Not everyone’s bought into the 50 Cent love feast. “Forget about the beat,” Spike Lee said in May at the Black Expo in Columbia, S.C. “Let’s talk about the lyric content.”
Lee, film director and himself no stranger to controversy, expressed the belief — echoed by many others — that gangsta rap damages younger African Americans by reinforcing negative stereotypes, promoting the idea that being real means standing “on a corner, holding a 40, smoking a blunt and holding your privates,” The Associated Press reported in May.
No escape from the past
And there’s no complete escape from 50’s own past.
Jam Master Jay, 50’s mentor from back in the day, was shot to death Oct. 30 at a recording studio in Queens. His killing remains unsolved. That night, New York City police told 50 there was a threat against his life, and persuaded him to cancel a performance, The Associated Press reported.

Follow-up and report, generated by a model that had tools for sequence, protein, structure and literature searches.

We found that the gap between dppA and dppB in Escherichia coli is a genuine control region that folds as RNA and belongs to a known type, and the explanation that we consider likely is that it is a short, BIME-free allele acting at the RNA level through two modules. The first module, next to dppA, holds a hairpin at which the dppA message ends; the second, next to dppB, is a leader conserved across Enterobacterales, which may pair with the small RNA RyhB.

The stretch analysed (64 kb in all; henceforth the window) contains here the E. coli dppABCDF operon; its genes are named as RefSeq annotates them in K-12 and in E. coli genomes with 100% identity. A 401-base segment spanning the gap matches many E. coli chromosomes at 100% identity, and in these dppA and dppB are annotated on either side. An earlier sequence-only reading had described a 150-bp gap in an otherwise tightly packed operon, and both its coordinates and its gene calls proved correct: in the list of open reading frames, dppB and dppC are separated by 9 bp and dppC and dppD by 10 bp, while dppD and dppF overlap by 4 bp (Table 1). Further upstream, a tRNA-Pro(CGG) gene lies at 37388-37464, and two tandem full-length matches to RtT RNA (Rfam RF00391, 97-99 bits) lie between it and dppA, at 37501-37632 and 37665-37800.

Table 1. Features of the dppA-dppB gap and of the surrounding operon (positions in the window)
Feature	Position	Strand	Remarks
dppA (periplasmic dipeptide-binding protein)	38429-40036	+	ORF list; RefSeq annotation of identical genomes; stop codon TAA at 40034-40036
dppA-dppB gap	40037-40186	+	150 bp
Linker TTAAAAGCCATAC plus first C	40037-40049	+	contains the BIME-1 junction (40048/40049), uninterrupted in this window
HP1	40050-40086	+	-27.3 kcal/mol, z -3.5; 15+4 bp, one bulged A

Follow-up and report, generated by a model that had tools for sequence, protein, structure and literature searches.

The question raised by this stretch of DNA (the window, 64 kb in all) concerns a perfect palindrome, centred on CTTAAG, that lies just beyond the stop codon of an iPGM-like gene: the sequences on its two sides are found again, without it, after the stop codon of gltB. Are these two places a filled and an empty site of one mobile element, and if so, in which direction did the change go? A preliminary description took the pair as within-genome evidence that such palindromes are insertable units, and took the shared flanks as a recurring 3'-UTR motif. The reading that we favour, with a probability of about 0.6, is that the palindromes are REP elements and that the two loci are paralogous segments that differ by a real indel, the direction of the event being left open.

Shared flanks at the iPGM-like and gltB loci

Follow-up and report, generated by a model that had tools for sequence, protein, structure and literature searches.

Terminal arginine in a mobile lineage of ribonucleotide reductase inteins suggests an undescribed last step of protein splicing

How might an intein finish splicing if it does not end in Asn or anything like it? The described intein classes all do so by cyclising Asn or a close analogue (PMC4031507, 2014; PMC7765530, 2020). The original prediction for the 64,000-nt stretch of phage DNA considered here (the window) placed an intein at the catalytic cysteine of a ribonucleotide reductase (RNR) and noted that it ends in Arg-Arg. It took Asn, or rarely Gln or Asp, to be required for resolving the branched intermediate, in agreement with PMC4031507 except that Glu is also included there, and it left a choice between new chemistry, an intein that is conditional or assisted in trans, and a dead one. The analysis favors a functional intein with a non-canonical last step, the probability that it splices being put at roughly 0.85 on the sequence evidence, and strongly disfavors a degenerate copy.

According to documents obtained by The Smoking Gun.com, the New York orthopedic surgeon who treated 50 for the gunshot wounds in 2000 is suing the rapper to collect that $32,500 hospital bill.
And 50 Cent’s running feud with Ja Rule, a clash that preceded his 2000 shooting, has led to continuing recriminations between their two camps. There have been truce talks, but any feud would be in keeping with hip-hop’s violent legacy — the Notorious B.I.G. and Tupac Shakur its most celebrated victims.
50 Cent is expected to draw big crowds on a 30-city tour that begins this month. And living the myth to the hilt, he reportedly wears a bulletproof vest in public, and pilots a bulletproof, bombproof Hummer. “The president be riding around in sh— like this,” he said in a recent MTV.com interview.
Time will tell how long it lasts, but since pop culture values authenticity with its artifice, 50 Cent’s likely to stay around as rap’s genuine article, heir to hip-hop’s potential and its pain. “There’s a possibility that anything can happen,” he told The Associated Press. “I wear my seat belt, too.”
A few lines from “In da Club” might well be biography, shot through with tragedy and triumph:
If you watch how I move, you’ll mistake me for a playa or pimp.
Been hit with a few shells but I don’t walk with a limp.